SHIGAKU ZASSHI
Online ISSN : 2424-2616
Print ISSN : 0018-2478
ISSN-L : 0018-2478
Trade commodity prices and local society in ancient Japan : The "customary provincial price" system
Maki MIYAKAWA
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2012 Volume 121 Issue 12 Pages 2034-2057

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Abstract

The research to date concerning commodity distribution in ancient Japan has concluded that it was provincial governors (kokushi 国司) who manipulated commodity prices and controlled markets within their jurisdictions. The present article disputes these conclusions by showing that provincial governors did not manipulate prices, but rather when they did trade with people within their jurisdictions, a system of fixed prices was used. Since these fixed prices did not fluctuate in accordance with changes in current prices, the system did not conform to the price stipulations contained in the ritsuryo codes. Given the fact that each province developed its own system of fixed prices, the author calls them "customary provincial prices". These "customary provincial prices" were a part of administrative precedents being established at the time by lower level bureaucrats (kuni-zonin 国雑任) for the purpose of discharging their duties with the utmost speed and efficiency. Therefore, rather than the top provincial bureaucrats manipulating prices at their own discretion, it was their subordinates who put local customary prices into practice, thus established a provincial precedent. One example of this practice has found at archaeological sites in Kaga Province (present day southern Ishikawa Prefecture), indicating that the river ports and fords (including their markets) operated by local powerful families during the 8th century came under the administrative control of the provincial governments during the 9th. Such a change corresponds to the absorption of local powers into the provincial government as its functionaries. What this means in terms of the "provincial customary price" system, is that it was local powerful families in the capacity of lower level provincial administrators that were greatly influencing their respective provincial economies.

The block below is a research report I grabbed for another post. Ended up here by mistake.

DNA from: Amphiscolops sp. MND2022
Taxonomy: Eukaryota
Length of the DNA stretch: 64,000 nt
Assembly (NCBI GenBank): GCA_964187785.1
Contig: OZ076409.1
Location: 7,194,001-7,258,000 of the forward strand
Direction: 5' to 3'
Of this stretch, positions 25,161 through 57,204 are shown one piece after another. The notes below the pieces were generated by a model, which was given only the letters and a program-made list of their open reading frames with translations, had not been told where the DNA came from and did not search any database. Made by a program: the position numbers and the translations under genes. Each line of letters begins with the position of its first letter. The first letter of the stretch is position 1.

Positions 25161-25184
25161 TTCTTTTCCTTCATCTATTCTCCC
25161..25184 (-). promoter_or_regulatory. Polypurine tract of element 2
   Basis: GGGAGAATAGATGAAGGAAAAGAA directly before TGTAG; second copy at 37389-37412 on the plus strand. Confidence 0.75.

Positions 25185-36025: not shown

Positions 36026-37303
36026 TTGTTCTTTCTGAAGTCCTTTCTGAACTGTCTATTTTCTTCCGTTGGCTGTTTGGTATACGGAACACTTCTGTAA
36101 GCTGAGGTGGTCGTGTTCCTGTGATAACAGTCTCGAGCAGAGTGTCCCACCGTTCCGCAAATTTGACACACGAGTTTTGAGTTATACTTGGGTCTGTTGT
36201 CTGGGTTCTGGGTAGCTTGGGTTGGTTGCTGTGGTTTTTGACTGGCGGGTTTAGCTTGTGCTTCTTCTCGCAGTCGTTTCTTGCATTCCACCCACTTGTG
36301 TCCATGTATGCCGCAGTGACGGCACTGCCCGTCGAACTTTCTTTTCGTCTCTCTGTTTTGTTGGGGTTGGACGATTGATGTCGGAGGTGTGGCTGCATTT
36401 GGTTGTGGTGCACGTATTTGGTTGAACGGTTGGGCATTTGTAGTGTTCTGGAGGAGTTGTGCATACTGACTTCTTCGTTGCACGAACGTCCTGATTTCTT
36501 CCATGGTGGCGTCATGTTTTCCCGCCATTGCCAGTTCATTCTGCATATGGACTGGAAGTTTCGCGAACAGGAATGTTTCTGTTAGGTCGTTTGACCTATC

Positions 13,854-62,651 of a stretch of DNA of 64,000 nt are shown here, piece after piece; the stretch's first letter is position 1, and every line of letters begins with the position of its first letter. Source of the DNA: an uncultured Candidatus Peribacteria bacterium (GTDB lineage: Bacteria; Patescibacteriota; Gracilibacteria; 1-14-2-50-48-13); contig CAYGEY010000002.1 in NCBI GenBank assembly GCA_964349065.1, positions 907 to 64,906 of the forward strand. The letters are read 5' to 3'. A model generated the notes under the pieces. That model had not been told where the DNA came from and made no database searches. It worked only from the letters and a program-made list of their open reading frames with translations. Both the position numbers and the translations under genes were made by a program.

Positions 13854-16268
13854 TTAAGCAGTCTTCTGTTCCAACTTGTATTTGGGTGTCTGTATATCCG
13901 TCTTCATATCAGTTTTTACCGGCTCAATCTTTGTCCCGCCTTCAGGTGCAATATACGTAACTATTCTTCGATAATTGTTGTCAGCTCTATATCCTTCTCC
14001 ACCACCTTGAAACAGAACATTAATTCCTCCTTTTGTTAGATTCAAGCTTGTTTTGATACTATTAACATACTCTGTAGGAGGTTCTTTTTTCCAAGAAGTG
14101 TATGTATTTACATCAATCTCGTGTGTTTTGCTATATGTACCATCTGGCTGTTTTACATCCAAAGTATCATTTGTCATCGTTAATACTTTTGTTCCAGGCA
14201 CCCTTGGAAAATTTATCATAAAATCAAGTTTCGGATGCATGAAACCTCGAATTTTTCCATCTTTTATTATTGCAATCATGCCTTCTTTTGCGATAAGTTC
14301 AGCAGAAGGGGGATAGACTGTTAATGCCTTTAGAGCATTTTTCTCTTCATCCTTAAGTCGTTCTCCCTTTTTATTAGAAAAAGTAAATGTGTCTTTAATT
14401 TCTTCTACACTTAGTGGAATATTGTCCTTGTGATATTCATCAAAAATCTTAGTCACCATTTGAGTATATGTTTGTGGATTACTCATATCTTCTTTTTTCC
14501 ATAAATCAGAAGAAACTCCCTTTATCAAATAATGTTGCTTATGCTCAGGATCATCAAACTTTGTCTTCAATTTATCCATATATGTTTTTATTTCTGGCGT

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© 2012 The Historical Society of Japan
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